Last Updated: 2021-09-01 (2 months ago)
RELMA depends upon two Microsoft Access databases for its operation. RELMA.MDB contains all of the data about the LOINC codes plus overhead information needed to run various RELMA program options. The second database is named LMOF3.MDB for the Local Master Observation File. This database is where RELMA stores information you supply about your local codes and their mappings to LOINC.
There are three ways to get your local codes and descriptions into your LMOF database. The first method is to import data from an ASCII text file and is explained in more detail later. The second method would be to enter the data manually, which can be lengthy and time consuming if there are vast amounts of data to be entered. The third method would be to load the LMOF directly using Microsoft Access®.
After you have imported, entered, or loaded your data into RELMA, you can map your local codes to the equivalent LOINC codes using the RELMA map option. After you have started the mapping program, details about your local codes and descriptions are presented on the screen. You can scroll through these records one at a time. The program gives you the opportunity to search all of the words in the local description of each local test for matches on words present in the LOINC database. You can even use wildcards when searching the database. RELMA presents you with a list of LOINC terms whose test/measurement name contains those words or their equivalents you selected to use in the search. You can scroll through the list of matches to find the LOINC record that corresponds to your local test description. When you find a LOINC description that matches your local description, you can store the LOINC code in the LMOF database. The process of matching a LOINC code and description to your local code and description is referred to as mapping. Each mapped term is immediately saved into the database table. This allows you to restart where you left off, without having to complete the mapping task at one sitting.
Details of how RELMA maps your data to the LOINC data are discussed later in this documentation.
The following words and phrases are used throughout the RELMA program and this manual.
Local Term: A concept composed of a code (or name) and a description.
Local Term File: An organized collection of local terms.
Local Word: A word (e.g. "AB", "GLUCOSE", etc.) that is derived from a local term description.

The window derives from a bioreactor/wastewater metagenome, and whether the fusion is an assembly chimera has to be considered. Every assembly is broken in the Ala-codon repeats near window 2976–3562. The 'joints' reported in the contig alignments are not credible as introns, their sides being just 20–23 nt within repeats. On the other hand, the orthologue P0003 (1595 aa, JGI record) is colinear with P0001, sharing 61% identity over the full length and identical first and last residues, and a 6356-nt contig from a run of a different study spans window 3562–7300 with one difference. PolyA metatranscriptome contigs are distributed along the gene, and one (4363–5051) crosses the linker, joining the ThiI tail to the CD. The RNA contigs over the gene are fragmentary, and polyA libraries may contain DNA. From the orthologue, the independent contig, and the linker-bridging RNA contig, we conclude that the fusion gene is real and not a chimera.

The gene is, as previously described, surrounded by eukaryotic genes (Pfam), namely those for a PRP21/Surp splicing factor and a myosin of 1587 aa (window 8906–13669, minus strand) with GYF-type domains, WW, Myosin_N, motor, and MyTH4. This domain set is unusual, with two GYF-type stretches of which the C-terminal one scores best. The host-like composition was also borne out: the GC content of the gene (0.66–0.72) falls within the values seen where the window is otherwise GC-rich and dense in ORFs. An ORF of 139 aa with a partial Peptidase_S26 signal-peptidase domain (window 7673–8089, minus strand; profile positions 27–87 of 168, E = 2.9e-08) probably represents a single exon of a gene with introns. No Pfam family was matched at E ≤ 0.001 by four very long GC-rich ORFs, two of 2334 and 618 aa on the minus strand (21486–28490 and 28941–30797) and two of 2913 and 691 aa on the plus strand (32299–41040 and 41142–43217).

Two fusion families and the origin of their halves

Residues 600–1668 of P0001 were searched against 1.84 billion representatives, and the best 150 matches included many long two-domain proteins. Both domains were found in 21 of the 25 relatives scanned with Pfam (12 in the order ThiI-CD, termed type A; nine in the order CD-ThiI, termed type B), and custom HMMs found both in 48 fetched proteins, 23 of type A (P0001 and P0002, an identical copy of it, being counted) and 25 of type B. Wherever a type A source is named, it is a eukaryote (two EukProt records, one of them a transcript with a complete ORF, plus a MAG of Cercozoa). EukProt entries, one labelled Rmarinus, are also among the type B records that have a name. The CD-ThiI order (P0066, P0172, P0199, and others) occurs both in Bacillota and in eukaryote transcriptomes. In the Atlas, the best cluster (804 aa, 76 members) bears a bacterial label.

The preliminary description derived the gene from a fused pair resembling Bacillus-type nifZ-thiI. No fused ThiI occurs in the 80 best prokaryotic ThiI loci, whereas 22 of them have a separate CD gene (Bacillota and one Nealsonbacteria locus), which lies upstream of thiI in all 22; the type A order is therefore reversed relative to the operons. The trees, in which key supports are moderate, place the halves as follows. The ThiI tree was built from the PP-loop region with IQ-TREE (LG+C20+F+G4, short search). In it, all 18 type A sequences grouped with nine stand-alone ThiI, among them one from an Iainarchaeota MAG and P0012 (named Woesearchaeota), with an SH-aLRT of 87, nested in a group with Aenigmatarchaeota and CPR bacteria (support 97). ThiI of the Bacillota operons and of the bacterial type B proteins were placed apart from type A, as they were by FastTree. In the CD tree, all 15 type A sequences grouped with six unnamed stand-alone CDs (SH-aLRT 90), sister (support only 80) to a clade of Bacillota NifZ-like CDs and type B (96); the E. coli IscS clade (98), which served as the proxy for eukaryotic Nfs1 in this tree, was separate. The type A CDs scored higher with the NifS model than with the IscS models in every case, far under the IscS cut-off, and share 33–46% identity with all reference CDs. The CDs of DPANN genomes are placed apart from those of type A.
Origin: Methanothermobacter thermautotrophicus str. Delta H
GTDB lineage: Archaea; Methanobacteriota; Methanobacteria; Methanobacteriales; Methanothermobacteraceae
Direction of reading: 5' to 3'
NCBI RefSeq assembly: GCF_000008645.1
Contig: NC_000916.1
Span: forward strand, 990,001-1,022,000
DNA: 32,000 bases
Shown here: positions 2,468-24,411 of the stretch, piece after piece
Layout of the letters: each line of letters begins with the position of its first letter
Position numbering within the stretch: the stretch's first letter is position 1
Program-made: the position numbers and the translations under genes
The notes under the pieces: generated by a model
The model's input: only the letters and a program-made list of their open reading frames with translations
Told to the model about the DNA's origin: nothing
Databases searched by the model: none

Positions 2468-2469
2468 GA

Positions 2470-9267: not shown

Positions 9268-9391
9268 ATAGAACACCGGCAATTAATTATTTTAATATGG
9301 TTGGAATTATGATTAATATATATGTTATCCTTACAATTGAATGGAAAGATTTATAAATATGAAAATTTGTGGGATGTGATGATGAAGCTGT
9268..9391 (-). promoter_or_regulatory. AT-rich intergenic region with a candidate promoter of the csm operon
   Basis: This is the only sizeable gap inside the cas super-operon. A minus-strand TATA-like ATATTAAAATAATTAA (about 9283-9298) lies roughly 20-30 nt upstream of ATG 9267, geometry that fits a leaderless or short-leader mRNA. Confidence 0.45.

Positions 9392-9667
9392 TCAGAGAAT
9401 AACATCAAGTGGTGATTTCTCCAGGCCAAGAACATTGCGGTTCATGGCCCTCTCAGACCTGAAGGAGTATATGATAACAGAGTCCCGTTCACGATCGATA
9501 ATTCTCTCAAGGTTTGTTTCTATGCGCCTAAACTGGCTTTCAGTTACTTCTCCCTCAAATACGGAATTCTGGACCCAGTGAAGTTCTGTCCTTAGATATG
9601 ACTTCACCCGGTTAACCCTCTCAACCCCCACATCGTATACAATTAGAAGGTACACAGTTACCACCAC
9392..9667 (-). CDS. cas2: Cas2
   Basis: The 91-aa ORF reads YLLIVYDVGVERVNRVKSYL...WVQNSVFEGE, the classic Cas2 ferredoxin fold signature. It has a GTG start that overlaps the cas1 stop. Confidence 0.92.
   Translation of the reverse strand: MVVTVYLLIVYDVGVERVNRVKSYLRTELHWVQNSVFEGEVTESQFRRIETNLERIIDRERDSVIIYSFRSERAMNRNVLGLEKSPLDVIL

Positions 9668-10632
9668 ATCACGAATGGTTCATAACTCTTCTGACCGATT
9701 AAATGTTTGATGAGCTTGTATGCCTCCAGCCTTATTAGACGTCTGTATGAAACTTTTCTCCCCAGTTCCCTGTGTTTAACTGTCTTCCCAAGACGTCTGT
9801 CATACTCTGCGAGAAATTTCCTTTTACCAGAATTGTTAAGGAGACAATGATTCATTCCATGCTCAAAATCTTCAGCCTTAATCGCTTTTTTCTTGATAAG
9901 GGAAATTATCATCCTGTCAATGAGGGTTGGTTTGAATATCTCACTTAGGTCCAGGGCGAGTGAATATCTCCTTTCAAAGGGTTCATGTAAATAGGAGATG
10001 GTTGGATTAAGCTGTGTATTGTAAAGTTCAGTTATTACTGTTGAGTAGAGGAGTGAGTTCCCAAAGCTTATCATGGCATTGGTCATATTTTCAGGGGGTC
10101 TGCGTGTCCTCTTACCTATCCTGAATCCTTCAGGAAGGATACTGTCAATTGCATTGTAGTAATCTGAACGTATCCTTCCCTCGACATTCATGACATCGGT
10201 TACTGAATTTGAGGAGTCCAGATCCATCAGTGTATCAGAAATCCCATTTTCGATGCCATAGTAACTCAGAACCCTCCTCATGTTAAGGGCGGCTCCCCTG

LOINC Database: A Microsoft Access® database published by the Regenstrief Institute that contains LOINC codes and their definitions. This database may also contain information necessary for the operation of the RELMA program.
LOINC Hierarchy A structured arrangement of LOINC elements (a.k.a. parts) designed by the Regenstrief Institute for use in the RELMA program. Most often a hierarchy is used to restrict searches performed using RELMA.
LMOF Database: A Microsoft Access® database designed to store the user's local terms and mappings between the local terms and LOINC terms.
Mapped Term: This a local term that has previously been mapped to a LOINC term.
Mapping: The process of matching a LOINC term to a local term.
For information on the active, deprecated, discouraged, and trial LOINC status codes, please see "Classification of LOINC term status" in the LOINC Users' Guide.
Assuming you have installed the RELMA program as described in the installation section, you are now ready to run the RELMA program. As with many programs on Windows, there are numerous ways to launch RELMA.
Type the word RELMA into the Windows search bar. The RELMA application should show up in the search results. See the figure below.
While the RELMA program loads, you will see a screen similar to that shown in the figure below. This screen provides copyright information for the use and distribution of the RELMA program and LOINC database. The progress bar at the bottom of the screen will update you as to where the program is in the loading process.
As described earlier, the RELMA program depends on the LOINC and LMOF Microsoft Access databases. During the loading process the program attempts to open these databases and verify their contents. If the program cannot find the LOINC database, you will be asked to navigate to the location where it resides via a Windows Explorer window like the one shown in the figure below.
To choose a database, click on the database name and then click the [Open] button. The RELMA program will continue loading using the new directory paths. After the program has finished loading, click the [Continue] button to advance to the main menu screen.
In a default installation both the RELMA.MDB and LMOF3.MDB databases will be located in the C:directory. You can, if you chose, move either of these database to a non-standard location. If you decide to relocate either of these datdabases you can use the "Set User Preferences" option to tell RELMA about their new location.
Note: The directory paths to the LOINC and LMOF databases are stored in a hidden configuration file (user.config), which is located in a hidden directory. You can manually change the paths before running the program, but an incorrect assignment will bring up a box similar to the one in the figure below.
Beginning with LOINC release 2.67, you are required to log in to RELMA using your loinc.org account in order to use several features, including the enhanced SOLR search engine and new Details pages for LOINC terms, Parts, and Answer lists. For now, the old functionality of running searches and creating Details pages locally in the old format has been retained, and if you do not want to log in, you can switch to the old Lucene search engine on the User Preferences screen. Be aware, this option will be eliminated in a future version of RELMA. If you don't already have an account, you can easily create one by visiting the loinc.org web site.